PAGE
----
The superintendent called the teachera champion of the disabled.
By DENISE DICK
VINDICATOR TRUMBULL STAFF
NILES -- Pupils with disabilities learn physical education individually and in classes with other pupils through the instruction of one teacher.
Marcy Mawby works with 27 pupils in six school buildings throughout the school district as the adaptive physical education teacher. The pupils' ages range from 6 to 16, and the disabilities range from severe, such as those with multiple afflictions, to mild.
Starting out: Mawby, a graduate of Niles McKinley High School and Youngstown State University, started her career in the district as a physical education teacher.
"I had worked at Fairhaven when I was in college for a couple of summers, and I thought, 'This must be my calling,'" Mawby said. "So when this position was posted five years ago, I applied."
Sometimes the pupils just need some extra attention in learning a skill, such as skipping, in the early grades. In those cases, Mawby works with the pupils until they master the skill.
"Take skipping: It's just one step and a hop," she said. "You just take it one step at a time, and each week you do it again."
Others work with Mawby from the time they're in elementary school through high school. She meets with some pupils individually, covering skills from weightlifting to bowling, softball and golf. With others she works with them during their regular gym classes, providing additional instruction.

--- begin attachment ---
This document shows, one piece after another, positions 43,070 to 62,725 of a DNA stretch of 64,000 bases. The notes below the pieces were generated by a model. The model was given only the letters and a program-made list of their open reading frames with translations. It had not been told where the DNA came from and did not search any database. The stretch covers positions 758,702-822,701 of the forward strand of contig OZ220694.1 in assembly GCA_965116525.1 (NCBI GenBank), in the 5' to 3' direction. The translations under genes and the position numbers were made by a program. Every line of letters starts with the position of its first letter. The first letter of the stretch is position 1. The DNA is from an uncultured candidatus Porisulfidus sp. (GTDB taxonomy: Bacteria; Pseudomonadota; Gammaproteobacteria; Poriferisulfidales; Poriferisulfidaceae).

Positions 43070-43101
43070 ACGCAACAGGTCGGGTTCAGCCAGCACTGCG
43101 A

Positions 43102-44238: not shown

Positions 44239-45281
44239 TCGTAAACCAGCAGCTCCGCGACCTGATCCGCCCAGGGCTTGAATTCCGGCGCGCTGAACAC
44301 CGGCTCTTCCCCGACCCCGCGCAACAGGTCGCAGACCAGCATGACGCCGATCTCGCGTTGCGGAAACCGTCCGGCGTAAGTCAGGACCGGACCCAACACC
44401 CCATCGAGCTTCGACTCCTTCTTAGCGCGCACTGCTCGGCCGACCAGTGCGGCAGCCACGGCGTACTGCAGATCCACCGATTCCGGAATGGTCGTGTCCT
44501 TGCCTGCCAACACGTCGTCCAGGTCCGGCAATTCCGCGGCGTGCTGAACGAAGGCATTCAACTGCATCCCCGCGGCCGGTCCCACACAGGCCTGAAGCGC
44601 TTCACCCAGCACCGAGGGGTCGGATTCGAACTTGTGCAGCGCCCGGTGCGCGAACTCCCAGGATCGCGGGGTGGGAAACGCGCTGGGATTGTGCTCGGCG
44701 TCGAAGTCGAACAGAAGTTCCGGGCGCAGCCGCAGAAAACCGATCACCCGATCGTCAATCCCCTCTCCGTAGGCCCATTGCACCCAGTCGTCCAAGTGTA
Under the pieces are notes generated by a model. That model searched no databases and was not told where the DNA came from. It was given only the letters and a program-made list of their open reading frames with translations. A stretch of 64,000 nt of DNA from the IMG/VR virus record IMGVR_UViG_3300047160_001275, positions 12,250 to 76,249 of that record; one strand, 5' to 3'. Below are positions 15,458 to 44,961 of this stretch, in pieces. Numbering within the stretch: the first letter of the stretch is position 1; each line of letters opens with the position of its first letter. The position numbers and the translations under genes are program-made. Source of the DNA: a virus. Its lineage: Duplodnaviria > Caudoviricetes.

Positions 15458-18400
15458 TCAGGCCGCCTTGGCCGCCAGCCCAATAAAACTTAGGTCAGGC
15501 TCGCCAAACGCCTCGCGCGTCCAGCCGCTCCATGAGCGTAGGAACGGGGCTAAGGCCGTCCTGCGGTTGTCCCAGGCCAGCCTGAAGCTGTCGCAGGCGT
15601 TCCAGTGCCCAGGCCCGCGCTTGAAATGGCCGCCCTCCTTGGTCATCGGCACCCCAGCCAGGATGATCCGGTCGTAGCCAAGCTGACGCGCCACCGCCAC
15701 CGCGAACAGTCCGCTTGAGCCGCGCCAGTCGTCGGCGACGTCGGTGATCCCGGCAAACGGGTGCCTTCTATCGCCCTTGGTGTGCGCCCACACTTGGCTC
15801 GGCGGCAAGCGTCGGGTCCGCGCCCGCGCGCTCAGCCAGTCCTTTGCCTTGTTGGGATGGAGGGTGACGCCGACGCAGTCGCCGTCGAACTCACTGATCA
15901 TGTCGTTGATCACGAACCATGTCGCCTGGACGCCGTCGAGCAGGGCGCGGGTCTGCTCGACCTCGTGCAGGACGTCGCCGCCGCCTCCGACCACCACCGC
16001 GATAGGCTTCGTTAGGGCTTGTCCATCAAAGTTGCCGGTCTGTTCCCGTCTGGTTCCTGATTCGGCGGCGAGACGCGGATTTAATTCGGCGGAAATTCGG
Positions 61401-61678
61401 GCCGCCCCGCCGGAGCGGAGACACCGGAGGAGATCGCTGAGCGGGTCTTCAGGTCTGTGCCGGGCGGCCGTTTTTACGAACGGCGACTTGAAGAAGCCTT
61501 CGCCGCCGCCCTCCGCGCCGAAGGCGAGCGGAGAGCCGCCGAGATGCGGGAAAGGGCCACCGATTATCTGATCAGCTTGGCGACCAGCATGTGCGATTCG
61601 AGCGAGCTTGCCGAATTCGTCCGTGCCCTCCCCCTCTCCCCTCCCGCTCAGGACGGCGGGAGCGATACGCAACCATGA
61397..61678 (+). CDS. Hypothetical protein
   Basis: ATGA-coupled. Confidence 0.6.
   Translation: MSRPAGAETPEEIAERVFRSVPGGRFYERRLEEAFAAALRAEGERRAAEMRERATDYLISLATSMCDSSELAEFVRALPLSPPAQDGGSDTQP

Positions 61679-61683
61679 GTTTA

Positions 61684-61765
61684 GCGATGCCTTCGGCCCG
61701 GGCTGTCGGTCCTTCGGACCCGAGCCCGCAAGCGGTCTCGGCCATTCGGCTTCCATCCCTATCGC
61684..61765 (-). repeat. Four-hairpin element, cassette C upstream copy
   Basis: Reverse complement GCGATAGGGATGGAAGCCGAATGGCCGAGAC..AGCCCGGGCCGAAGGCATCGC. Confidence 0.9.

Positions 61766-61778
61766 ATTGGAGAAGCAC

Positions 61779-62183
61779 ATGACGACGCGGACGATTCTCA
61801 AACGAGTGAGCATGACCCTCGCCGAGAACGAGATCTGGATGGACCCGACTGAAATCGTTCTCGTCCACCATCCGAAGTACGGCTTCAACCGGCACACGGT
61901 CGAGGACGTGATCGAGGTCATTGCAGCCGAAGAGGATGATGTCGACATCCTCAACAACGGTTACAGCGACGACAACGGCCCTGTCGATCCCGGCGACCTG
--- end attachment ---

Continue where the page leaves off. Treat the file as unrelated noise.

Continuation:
Superintendent Patrick Guliano said most school districts rely on the Trumbull County Educational Service Center to provide physical education services to their pupils.
A forerunner: The superintendent said Niles is a forerunner among surrounding school districts in providing adaptive physical education in-house.
Guliano called Mawby "a true champion of the underdog and for the handicapped."
Mawby even donned a band uniform for the last football game in the fall, so that one pupil, Clinton Davies, who is blind, could perform on the field with the marching band when members formed "Niles" in script on the football field.
Districts across the state have included special-education pupils in the classes with other pupils for the past few years through inclusion.
At Niles, pupils with disabilities have been included in classes with other pupils for five years with a particular emphasis the past three years, Mawby said.
"No child goes unserved," Guliano said. "They're integrated into activities, and that's what education is all about."
Different paces: Mawby said working with some pupils is more challenging than others.
"For some kids it may take four years for them to learn one step," she said. "But when they get it, it's great to see. It's a slow process for some of them."